A few months back I went down a rabbit hole studying all the different ways to talk about swords and spears in the Old Testament (in Hebrew, in Latin, and in Greek). It was a fun research project but it touched upon a much more fundamental problem when talking about the Old Testament. Rather than write a long introduction to an already long survey, I let the draft languish.
This is that long introduction.
(Warning: much of what follows is a gross simplification of a complicated scholarly field. I know no shame and I’m not consulting sources from my old training.) Continue reading Septuagint
Here’s an ode to a truly excellent word in Latin: formido.
Verb, root meaning to become firm or rigid, means something like “to be paralyzed with fear” or “to dread.”
Noun form is this dread, dread of an extreme intensity, and very often associated with the fear we properly have of the divine, the transcendent, God and his angels and the demons. What we feel when Jove hurls his lightning or we climb the mountain to stand in the presence of Apollo.
But a fun twist: formido is also a hunter’s gauge or bogy set up to frighten prey, to flush it toward the hunter or the net. And so the formido is also an object that causes formido.
You can cross up these meanings. St. Anselm/John of Fecamp uses it to describe the service of the priesthood–a great formido!–and the fear of contaminating the sacrament of the altar.
It is of course where we get the English word formidable, but “daunting” or “imposing” is not intense enough for how the word stands in Latin. “Utterly petrifying” is better.
How is the priesthood “utterly petrifying?” Anselm/John has the priest trapped by a fear that either reaction is to his doom. Dare I approach the altar of God despite being so unworthy? Do you know what happens to those who defile the sacraments?! But then again, do you know what happens to those who disobey the commandments of God?! Why have I been placed in this untenable position? What do I do? Is my service to my destruction or my salvation?
The Latin game of the week in the office comes from De Bello Gallico I.40: Caesar convincing his panicking Roman legions to sack up and fight Ariovistus and his German giants. In the midst of his rhetorical genius, Caesar lays down this structurally stunning gem:
Si quos adversum proelium et fuga Gallorum commoveret, hos, si quaerent, reperire posse diuturnitate belli defatigatis Gallis, Ariovistum cum multos menses castris se ac paludibus tenuisset neque si potestatem fecisset, desperantes iam de pugna et dispersos, subito adortum magis ratione et consilio quam virtute vicisse.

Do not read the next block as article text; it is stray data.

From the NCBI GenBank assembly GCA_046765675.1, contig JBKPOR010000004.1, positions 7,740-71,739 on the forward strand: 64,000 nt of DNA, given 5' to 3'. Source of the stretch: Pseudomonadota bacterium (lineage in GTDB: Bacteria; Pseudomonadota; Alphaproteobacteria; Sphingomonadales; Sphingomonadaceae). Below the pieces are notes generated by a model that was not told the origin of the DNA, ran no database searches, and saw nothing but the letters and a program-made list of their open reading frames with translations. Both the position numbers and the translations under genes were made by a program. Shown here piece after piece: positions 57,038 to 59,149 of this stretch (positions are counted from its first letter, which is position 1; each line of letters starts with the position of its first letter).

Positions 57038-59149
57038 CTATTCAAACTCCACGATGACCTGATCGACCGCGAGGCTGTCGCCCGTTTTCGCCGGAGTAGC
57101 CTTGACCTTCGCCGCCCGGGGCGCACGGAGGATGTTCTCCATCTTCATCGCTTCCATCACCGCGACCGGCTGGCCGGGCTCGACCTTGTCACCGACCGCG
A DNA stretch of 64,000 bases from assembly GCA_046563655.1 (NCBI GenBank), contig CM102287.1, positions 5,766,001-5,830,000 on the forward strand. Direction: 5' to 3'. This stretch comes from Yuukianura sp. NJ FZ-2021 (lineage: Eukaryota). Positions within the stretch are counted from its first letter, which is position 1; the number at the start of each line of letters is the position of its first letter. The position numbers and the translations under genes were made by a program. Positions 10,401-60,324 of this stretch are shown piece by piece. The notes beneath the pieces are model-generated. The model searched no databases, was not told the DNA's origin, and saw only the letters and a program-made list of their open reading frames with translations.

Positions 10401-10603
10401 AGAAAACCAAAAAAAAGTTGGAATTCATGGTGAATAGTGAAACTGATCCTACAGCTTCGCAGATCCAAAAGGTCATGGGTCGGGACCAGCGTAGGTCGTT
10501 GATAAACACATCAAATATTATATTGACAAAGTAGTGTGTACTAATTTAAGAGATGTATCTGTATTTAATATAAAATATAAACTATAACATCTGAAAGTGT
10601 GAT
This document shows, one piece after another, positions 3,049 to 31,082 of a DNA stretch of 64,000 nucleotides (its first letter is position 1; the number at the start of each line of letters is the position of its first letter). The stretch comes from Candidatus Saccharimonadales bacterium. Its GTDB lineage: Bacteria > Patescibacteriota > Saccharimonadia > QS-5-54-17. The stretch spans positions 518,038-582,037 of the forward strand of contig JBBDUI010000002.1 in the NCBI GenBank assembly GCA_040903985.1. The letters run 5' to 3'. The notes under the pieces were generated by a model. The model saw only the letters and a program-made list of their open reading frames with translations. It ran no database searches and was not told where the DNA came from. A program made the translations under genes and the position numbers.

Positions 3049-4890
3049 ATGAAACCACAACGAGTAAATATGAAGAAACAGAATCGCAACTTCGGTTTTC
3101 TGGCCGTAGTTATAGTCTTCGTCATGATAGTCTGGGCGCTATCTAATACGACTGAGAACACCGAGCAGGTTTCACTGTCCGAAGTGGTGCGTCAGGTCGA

I like to toss these up on a board structurally, with indenting to show the grammatical relations. One of my least favorite things about the entire digital age is how difficult it is to do this on a screen. Sometimes the old ways are best! Since I’m not going to drive myself insane trying to replicate in MS Paint and I’m too lazy to set it up in Word and do a screen cap, you’ll have to take my word for it: it’s a cool sentence.
The apodosis (consequent) of the conditional sentence is, depending on how you want to look at it, unexpressed or borrowed from earlier in the paragraph. Basically there’s a hidden “Caesar says” introducing an indirect statement. Here’s my render: Continue reading Caesar Sunday
Amazing quotation to fire up the troops for study. If you want insight into the world of classics, check out the title of the book it comes from.
“In Latin or Greek you must be absolutely right, or you are not right at all; you must know the meaning, the construction, the position in the sentence, of every word—and every one of these things implies a separate intellectual act—or you cannot give the sense of the original; no half-knowledge, no breezy catching of the general sense, is of the slightest avail, for the passage says to you in its every word, ‘You must know me not at all, or know me all in all.’ The man or woman who has mastered Latin or Greek knows language scientifically, and every other language theoretically is at their mercy.”
George G. Ramsay (1839-1921), Should Women Study the Classics? Opening Lecture at the Arts Course at Queen Margaret College, Glasgow, November 3rd, 1891 (Glasgow: James MacLehouse & Sons, 1891), p. 24
The Latin quotation of the day yesterday in our office was res est sacra miser: A wretch is a sacred thing. Our in-house discussion about its meaning (more on that below, if you want to skip being a Latin nerd) led to a scramble to pin down the citation. The calendar claimed Seneca; some sources on teh interwebs said Ovid. A nemesis of false attributions, I began to hunt it down.
Google turns up plenty of hits that show res est sacra miser in Latin quotation compendia like Routledge (variously attributed, or not at all). That’s your first red flag when trying to clear up an attribution. There are a lot of people on the internet and they talk about a lot of stuff. It should not take too many pages of search hits to get to an indexed source book or a live discussion. If all the early hits are anonymous or unsourced…look out.
Second red flag: the other hits are people asking the same question I am on classics discussion boards. “Anyone know where this citation actually comes from?” If you only knew how many times I tracked an “Augustine” quotation to this filthy lair of anonymity!
So then I did something easy. I went to the Latin Library and searched the complete works of Ovid for every use of the word miser. Seneca could wait. Continue reading Res Sacra Miser and Christianity